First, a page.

How come you can never find a copyright cop when you need one?
I wanted one the other night when I chanced across a web site that scrapes the entire content of MiniMediaGuy and republishes it — without permission — with advertising stripped across the top. As you can see whatever son-of-a-bot is behind this scam visits the same indignity on other web sites that choose not to display advertising on their front pages.
The nerve of these scoundrels! I try to be a good cyber citizen. I average 90 minutes a day in researching and writing this blog. I’m proud when visitors spend a minute or two reading. And I publish under a Creative Commons license that allows free, non-commercial use.
How do I shut down this thief-site?
Perhaps I should call the FBI? I see them invoked like boogie men on rented movies. But the FBI may be too busy not finding Osama bin What’s-his-name to hunt down an Internet scraping operation. Besides given my paltry traffic it would take a lot of clicks to make this a misdemeanor.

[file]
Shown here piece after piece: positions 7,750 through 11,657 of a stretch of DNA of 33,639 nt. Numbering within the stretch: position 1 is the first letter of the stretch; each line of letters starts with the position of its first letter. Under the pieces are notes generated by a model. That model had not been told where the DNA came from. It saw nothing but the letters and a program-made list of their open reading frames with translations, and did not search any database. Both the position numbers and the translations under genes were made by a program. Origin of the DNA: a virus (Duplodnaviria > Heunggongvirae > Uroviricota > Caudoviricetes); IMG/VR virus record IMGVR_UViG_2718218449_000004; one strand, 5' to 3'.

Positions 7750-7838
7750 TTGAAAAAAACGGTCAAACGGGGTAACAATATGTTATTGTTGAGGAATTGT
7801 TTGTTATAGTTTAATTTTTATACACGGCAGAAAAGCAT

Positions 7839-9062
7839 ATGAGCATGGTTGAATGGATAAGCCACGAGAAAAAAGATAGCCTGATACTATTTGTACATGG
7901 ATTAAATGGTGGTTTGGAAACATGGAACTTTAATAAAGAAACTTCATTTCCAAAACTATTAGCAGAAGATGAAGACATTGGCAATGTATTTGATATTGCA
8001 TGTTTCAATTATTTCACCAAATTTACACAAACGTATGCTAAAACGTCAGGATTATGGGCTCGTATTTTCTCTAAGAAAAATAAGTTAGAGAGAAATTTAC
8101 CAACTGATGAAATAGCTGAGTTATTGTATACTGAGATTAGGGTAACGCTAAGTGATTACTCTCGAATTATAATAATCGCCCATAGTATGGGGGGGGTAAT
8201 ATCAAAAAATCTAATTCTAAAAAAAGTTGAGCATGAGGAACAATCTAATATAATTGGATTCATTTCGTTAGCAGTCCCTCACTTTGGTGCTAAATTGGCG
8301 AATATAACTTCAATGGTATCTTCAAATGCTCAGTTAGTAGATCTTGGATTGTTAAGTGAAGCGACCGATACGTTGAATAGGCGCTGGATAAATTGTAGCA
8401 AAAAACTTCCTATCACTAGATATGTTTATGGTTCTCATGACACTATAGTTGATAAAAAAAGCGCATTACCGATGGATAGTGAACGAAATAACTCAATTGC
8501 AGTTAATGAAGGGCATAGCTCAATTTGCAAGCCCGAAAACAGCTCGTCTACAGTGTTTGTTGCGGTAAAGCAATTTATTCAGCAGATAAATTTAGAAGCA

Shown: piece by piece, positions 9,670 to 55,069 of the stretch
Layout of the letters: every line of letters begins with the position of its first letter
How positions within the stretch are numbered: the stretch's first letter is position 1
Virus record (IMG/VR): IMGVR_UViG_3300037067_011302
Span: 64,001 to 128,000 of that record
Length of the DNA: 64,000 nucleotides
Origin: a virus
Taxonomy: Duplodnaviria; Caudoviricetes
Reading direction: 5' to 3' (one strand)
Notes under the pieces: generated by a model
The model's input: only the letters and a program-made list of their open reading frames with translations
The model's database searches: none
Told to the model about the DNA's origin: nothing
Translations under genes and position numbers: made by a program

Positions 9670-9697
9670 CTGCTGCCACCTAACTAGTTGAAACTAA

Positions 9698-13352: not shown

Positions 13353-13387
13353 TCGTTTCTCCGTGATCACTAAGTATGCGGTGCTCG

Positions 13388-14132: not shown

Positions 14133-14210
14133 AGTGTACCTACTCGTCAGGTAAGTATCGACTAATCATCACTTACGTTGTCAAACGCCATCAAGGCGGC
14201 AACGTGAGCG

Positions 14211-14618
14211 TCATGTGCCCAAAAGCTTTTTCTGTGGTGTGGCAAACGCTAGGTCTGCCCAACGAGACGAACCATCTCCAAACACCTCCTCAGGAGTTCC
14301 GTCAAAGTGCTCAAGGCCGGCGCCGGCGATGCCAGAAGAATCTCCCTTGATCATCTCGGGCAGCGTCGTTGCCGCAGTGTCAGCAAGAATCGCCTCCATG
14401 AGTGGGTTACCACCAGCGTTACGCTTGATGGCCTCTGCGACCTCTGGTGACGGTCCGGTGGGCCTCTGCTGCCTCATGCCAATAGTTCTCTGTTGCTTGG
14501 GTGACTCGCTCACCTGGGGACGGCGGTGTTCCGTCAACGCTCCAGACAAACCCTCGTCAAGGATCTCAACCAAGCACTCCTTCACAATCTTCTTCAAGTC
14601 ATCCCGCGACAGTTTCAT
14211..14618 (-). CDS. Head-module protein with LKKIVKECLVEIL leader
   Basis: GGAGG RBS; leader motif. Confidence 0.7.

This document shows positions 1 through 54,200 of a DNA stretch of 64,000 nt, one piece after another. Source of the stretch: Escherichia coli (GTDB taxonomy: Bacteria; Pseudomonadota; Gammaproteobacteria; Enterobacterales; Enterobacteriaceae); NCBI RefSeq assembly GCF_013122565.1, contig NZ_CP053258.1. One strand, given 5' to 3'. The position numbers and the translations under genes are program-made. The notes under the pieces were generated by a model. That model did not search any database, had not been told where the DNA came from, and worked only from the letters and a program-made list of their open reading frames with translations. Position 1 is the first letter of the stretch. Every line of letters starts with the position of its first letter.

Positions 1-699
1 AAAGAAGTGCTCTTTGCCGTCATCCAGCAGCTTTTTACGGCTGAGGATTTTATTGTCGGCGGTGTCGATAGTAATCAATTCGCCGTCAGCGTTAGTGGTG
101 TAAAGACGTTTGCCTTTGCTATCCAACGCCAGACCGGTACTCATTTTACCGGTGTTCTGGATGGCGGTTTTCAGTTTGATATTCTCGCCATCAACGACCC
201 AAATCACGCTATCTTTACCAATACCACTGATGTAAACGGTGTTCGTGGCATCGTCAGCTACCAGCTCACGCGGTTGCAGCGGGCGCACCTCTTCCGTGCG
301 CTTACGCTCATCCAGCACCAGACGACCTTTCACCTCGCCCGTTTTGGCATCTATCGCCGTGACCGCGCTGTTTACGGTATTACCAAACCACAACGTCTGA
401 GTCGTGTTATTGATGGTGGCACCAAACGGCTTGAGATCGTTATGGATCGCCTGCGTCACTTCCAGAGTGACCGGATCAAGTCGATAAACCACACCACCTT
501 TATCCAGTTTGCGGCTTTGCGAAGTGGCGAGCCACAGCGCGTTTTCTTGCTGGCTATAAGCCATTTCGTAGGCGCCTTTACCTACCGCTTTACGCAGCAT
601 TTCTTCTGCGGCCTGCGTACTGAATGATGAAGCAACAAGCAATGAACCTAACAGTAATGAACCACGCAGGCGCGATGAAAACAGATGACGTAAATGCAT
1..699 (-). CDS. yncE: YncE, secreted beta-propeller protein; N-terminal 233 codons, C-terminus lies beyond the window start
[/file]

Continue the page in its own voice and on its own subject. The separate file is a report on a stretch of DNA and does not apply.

Maybe the lawyers who helped Viacom put the fear of copyright into YouTube would be so kind as to help a lowly blogger. After all BoingBoing says they sent out 100,000 “bullshit DMCA (take-down) notices.” They’ve obviously got the boilerplate ready. Why not crank out one more bullshit take-down order pro bono?
Of course I’m not Viacom. I’m a writer who can’t afford a lawyer nor am I likely to persuade one to take this case on contingency unless the infringers have deep pockets. That I find difficult to believe otherwise why would they be stealing content from me?
But it bothers me that neither the law nor our culture protect the individual creative act against a technology that automates the theft of ideas. It makes me feel like I’m working for the Internet when it should be the other way around.